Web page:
In any industry facing long-term pressures on margins and increased competition, it makes sense for companies to merge, to gain some presence in economies of scale. This happened in the telecom industry several years ago, and it's currently occurring with the generic drug manufacturers today. But there's one difference with the generic manufacturers: They're in a rapidly growing industry where many pharmaceutical drugs are expected to go off-patent in the next several years.

Mylan Laboratories (NYSE:MYL) is at the heart of the generic drug industry, and today it announced its Q2 2007 results. Revenues were up 23% to $366.6 million, and operating income soared 132%, thanks to 28% lower operating expenses. This propelled earnings to $0.36 a share for the quarter, up from the $0.16 a share the company earned in the same period last year.

With gross margins rising nearly five percentage points to 53.5% of sales, Mylan is bucking the generics-industry trend of declining gross margins. It's still showing the scaling of operating margins, which is important, because pharmaceutical companies can sometimes go overboard on spending. Gross margins are increasing primarily because of higher sales of its transdermal patches, which don't face nearly the same level of competition (and thus the pricing pressures) as some of Mylan's other drugs.

Revenue Growth

Gross Margins

Operating Margins

Q2 2007




Q1 2007




Q4 2006




Perhaps realizing that -- even with increasing gross margins -- it's still primarily a generic drug manufacturer, Mylan bought a controlling interest in Indian generic company Matrix Labs in August for about $700 million. The deal gives Mylan an entrance into lucrative European markets, and it should afford the company some nice economies of scale and scope, if Mylan can get Matrix's management to follow its plans for the company.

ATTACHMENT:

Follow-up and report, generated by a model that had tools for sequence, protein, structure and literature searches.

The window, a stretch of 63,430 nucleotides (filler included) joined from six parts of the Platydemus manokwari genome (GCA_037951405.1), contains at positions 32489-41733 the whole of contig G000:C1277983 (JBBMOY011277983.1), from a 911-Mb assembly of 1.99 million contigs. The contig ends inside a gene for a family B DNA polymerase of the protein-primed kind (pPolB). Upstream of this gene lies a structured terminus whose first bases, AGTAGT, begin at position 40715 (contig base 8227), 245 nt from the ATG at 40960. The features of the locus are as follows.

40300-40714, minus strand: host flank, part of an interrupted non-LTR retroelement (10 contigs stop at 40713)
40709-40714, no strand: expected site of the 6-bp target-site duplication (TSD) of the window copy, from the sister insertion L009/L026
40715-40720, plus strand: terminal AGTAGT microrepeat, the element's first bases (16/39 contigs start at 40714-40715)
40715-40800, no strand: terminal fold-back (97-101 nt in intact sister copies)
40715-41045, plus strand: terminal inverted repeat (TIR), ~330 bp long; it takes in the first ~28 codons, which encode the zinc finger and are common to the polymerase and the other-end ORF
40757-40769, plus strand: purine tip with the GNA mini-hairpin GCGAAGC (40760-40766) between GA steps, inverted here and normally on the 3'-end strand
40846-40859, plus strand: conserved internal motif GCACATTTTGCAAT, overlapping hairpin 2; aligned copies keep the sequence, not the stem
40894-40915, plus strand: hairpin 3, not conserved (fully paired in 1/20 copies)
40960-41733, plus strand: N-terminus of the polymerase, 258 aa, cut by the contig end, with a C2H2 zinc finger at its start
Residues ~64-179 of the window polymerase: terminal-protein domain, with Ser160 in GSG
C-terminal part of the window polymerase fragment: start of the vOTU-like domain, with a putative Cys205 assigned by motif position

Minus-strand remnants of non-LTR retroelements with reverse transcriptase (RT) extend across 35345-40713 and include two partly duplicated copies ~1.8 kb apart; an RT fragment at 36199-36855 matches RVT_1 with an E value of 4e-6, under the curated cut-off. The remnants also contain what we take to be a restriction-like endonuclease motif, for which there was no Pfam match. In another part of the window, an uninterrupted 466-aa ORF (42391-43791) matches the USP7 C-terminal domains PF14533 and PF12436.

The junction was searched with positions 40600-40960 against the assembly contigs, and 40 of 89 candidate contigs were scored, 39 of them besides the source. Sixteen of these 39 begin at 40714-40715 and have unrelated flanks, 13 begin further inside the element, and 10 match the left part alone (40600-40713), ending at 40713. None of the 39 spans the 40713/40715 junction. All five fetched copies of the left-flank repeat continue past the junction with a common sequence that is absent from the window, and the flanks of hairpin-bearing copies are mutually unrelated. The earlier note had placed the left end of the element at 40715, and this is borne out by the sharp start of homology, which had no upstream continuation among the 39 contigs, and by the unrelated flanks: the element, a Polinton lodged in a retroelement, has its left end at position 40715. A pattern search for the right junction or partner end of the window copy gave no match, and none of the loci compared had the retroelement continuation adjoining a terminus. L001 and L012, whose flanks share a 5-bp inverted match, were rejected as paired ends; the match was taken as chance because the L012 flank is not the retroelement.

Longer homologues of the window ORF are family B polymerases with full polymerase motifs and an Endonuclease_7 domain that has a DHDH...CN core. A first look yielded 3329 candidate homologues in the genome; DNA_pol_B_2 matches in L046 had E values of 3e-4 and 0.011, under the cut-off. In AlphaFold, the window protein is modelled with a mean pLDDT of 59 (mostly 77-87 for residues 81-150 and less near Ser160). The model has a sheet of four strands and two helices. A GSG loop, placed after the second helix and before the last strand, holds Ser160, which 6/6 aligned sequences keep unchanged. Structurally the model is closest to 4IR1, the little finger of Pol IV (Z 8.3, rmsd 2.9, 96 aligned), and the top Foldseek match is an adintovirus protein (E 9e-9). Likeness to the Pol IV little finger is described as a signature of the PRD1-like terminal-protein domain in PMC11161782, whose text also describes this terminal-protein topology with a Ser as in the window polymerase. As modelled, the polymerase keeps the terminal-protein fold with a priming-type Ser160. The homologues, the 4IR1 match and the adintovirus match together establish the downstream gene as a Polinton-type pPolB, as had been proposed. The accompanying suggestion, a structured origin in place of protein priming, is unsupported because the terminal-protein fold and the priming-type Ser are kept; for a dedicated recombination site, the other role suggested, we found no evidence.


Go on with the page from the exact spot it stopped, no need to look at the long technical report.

It would be nice to see Mylan trim some of its $687 million in long-term debt, considering that the company will be spending as much as $736 million in the fourth quarter when the Matrix deal closes.

With earning guidance for all of fiscal 2007 in the range of $1.35-$1.55 a share, and growth of at least 35% over 2006, paying off some of this debt should be no problem for Mylan. Hopefully Mylan does this sooner rather than later; even if it is no ordinary generic drug manufacturer right now, that doesn't mean future competition can't make it ordinary once again.

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Fool contributor Brian Lawler does not own shares of any company mentioned in this article. The Fool has a disclosure policy.